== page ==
Neal Tognazzini
Western Washington University
Felipe Leon
El Camino College
In this paper we argue that defenders of Frankfurt-style counterexamples to the Principle of Alternative Possibilities do not need to construct a metaphysically possible scenario in which an agent is morally responsible despite lacking the ability to do otherwise. Rather, there is a weaker (but equally legitimate) sense in which Frankfurt-style counterexamples can succeed. All that's needed is the claim that the ability to do otherwise is no part of what grounds moral responsibility, when the agent is indeed morally responsible.
Keywords Frankfurt cases  alternative possibilities  grounding  Moral Responsibility  Free Will
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ISBN(s) 0031-8205
DOI 10.1111/j.1933-1592.2010.00340.x
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References found in this work BETA

The Nature of Necessity.Alvin Plantinga - 1974 - Clarendon Press.
An Essay on Free Will.Peter Van Inwagen - 1983 - Oxford University Press.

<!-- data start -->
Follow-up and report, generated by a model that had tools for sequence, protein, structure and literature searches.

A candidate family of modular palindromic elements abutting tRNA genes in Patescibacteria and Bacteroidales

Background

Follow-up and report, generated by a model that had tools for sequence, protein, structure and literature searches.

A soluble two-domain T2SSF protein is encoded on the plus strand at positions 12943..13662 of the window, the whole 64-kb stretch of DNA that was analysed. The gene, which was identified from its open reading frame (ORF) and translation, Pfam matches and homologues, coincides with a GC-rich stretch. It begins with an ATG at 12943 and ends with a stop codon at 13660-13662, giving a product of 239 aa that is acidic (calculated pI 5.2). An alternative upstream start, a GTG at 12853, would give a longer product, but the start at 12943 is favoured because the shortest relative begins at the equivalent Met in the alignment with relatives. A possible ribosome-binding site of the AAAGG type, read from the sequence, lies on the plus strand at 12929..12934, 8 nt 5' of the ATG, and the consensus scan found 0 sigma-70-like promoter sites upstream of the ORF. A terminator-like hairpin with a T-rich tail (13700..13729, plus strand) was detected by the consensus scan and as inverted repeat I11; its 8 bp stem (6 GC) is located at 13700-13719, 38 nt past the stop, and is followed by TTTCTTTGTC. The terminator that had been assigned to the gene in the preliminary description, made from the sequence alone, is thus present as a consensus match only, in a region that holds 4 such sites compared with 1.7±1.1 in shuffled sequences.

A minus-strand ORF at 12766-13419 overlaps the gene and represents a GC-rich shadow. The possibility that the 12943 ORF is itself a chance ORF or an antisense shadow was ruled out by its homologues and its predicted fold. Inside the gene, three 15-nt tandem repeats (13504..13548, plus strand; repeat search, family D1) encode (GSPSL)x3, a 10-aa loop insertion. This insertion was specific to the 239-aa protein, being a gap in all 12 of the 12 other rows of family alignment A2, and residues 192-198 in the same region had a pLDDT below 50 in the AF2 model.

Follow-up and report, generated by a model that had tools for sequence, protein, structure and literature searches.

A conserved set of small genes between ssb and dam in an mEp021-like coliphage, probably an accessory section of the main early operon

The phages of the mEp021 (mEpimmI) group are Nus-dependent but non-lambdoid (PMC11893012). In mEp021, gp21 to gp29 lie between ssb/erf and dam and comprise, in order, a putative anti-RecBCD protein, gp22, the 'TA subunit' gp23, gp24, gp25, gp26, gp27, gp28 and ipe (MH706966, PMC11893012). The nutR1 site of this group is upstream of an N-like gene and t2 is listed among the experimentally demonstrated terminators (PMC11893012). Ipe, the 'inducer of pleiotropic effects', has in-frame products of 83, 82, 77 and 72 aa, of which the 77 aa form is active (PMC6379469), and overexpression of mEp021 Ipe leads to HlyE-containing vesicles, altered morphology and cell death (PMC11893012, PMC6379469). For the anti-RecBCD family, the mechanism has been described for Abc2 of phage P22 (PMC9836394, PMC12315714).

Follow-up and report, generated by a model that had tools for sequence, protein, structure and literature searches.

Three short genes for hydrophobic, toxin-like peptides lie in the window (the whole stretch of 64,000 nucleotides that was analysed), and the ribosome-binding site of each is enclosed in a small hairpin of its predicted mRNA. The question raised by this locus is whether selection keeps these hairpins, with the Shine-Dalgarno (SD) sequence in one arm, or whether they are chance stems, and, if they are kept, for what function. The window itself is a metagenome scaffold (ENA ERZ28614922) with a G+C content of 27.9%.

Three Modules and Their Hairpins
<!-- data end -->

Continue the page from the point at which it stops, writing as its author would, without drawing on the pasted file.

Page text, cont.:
Essence and Modality.Kit Fine - 1994 - Philosophical Perspectives 8 (Logic and Language):1-16.

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Citations of this work BETA

A Theory of the Normative Force of Pleas.Christopher Evan Franklin - 2013 - Philosophical Studies 163 (2):479-502.
How Valuable Could a Material Object Be?Andrew M. Bailey & Joshua Rasmussen - 2016 - Journal of the American Philosophical Association 2 (2):332-343.
Grounding the Luck Objection.Neal A. Tognazzini - 2015 - Australasian Journal of Philosophy 93 (1):127-138.

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